“The websites with the most to lose are those which capitalize on long-tail search traffic with very precise but very thin content,” Bradley says. “Websites with accessible, well-presented information and — critically — mechanisms that allow conversations between marketers and consumers to take place will continue to fare well in search.”

Three Things To Do Right Now

  • Audit the data that you store about the things that you sell. Do you have the main sales attributes readily available in machine readable form? Make sure you have the size, color, price, previous feedback, awards, etc. easily readable.
  • Review the data type hierarchy currently supported by to see where your business fits in and the types of data that you should be collecting.
  • Check your content management and web authoring systems to see if they support microdata or if they are at least planning for it. Microdata is not just a few lines of code that go into the heading of each page. It needs to be written into the HTML at a very detailed level. For some site administrators it will be a nightmare, but for others who have done proper planning and have selected the right tools, it could become an automatic path to greater search exposure.

Image courtesy of iStockphoto, claudiobaba

More About: bing, business, Google, MARKETING, Schema,, Search, SEM, SEO, Yahoo

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Why developers cannot afford to ignore design

15 Jun

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We developers sometimes take design for granted. And let’s be honest: who doesn’t hate taking things for granted.

Some say we will never truly appreciate the importance of design until we have been trained in the essence of design and beauty. Well, I say BS to that. I want to break us our of this box and clear away the cobwebs from our code-oriented minds.

Development, by its very nature, reflects the knowledge base of the person in charge. And the skills required to develop such a knowledge base can leave us in the dark about design. Developers often sweep design under the rug in order to be able to learn the intricacies of PHP and MySQL.

But as someone who has been writing code for 13 years, I can tell you it doesn’t have to be this way. In fact, many of the world’s greatest developers have an excellent grasp of UI and UX and of what their users want. The best way to get a handle on it is to figure out what you want in a UI.

People in business say to start with what you know, and this works equally well in design. The best designers aren’t the ones who know a thousand fonts (although that helps), but rather who know exactly what will “feel” best on the page.

To get started, simply go to a website that you feel “would be better if” and write down all of your ideas. Before you know it, you will be debugging design patterns and UIs.

This is just a start. But after doing it a few times, you’ll start to understand why these factors are so important. You might even discover that you have these questions about more websites than you had imagined. Below are a few critical reasons why design is important, courtesy of two great competitors.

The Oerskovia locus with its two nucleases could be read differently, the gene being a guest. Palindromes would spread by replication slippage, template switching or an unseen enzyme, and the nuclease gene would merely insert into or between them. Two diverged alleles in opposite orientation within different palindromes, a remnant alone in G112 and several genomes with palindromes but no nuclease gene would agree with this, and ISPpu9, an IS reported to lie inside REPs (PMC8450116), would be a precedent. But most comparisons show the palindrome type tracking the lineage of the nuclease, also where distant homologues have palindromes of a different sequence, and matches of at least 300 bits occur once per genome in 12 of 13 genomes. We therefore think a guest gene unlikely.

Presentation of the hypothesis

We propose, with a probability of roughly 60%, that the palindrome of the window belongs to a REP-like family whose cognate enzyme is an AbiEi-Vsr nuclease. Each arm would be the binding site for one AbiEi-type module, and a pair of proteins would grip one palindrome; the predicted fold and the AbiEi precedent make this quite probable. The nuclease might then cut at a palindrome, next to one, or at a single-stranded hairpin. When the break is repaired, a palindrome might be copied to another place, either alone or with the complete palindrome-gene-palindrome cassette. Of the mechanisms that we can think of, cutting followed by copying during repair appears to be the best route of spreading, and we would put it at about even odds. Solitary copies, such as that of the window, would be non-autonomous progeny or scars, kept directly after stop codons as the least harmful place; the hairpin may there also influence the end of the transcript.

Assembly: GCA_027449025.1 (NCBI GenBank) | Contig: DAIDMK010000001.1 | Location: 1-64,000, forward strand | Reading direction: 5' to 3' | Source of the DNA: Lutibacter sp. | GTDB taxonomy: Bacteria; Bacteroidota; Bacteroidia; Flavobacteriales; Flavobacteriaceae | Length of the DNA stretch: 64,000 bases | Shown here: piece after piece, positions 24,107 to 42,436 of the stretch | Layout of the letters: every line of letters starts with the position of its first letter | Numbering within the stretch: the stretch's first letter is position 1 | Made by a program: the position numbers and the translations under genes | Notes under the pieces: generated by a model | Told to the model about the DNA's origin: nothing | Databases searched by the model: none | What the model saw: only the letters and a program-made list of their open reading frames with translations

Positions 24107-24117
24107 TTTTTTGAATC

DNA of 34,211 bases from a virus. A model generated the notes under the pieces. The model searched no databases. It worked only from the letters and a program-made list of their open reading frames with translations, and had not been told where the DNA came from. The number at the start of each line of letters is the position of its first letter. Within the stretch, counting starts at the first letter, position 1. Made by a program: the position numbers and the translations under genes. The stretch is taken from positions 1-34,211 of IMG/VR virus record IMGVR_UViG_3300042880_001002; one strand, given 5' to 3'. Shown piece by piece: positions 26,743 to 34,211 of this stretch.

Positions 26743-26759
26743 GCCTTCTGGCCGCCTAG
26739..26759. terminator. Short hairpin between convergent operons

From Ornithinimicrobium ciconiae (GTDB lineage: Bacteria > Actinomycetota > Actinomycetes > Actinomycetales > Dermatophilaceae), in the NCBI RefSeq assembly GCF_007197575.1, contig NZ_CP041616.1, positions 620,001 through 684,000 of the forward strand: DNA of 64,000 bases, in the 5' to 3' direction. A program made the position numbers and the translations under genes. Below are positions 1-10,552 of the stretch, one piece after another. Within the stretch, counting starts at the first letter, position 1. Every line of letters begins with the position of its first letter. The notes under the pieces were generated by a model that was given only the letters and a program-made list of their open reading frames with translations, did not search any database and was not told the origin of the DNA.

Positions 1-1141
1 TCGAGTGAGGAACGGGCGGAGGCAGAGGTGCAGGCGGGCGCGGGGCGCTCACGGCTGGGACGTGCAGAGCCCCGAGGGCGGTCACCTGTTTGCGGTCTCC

Google Video: the case for strategic design

Google has been known to solve problems by throwing development resources at them for months. It analyzed data patterns in order to improve the UI of its Google Video project. This was absolutely detrimental to the functioning of the product, as evidenced by its canceling of the service. Let’s look back at Google Video to see why it didn’t work.

It started out simple enough, with that minimal design that Google is so famous for. Even the search wasn’t too bad, with the classic Google row streaming down the page.

This changed when Google found that people hated those early horizontal rows. It restructured the page to try to make it more enjoyable. In fact, it took a page from YouTube’s book by adding links to related videos on the side.

This is a key problem of developers who aren’t sensitive to design: copying or borrowing elements from other successful products. “If it worked for them, it will work for us” is one of the most dangerous attitudes to have in web design. There were hundreds of Digg clones over the years, but only one stands out: Reddit. There were hundreds of YouTube clones over the years, but only one stands out: Vimeo.

Products gain acceptance not by ripping off other services, but by innovating on the user experience through interesting design and UI. These small innovations are exactly where Google Video lost users. Google assumed that people would stay if it removed every feature except what was similar to proven products. In fact, users did not stay, and the only real use anyone had for the product was the one thing that Google truly innovated on: allowing bigger and longer videos.

So, what does this product teach us about design? It teaches us that innovating carelessly is just as bad as not innovating at all, and that going minimal for the sake of minimalism is not always the right approach. Google would have been better off not developing products like these at all, because it has left us questioning its judgment.

With all of its failures—Buzz, Wave, Google Video, etc.—we begin to question its understanding of these spaces. We know that Google understand advertising and search (it pretty much owns these markets), but that doesn’t keep us from questioning its overall understanding of design. This erodes Google’s image. It’s detrimental to a company that is trying to take over the world, or even one that’s just trying to put food on the table. Focusing on design and not changing for the sake of change would have helped. Let this be a lesson to developers everywhere.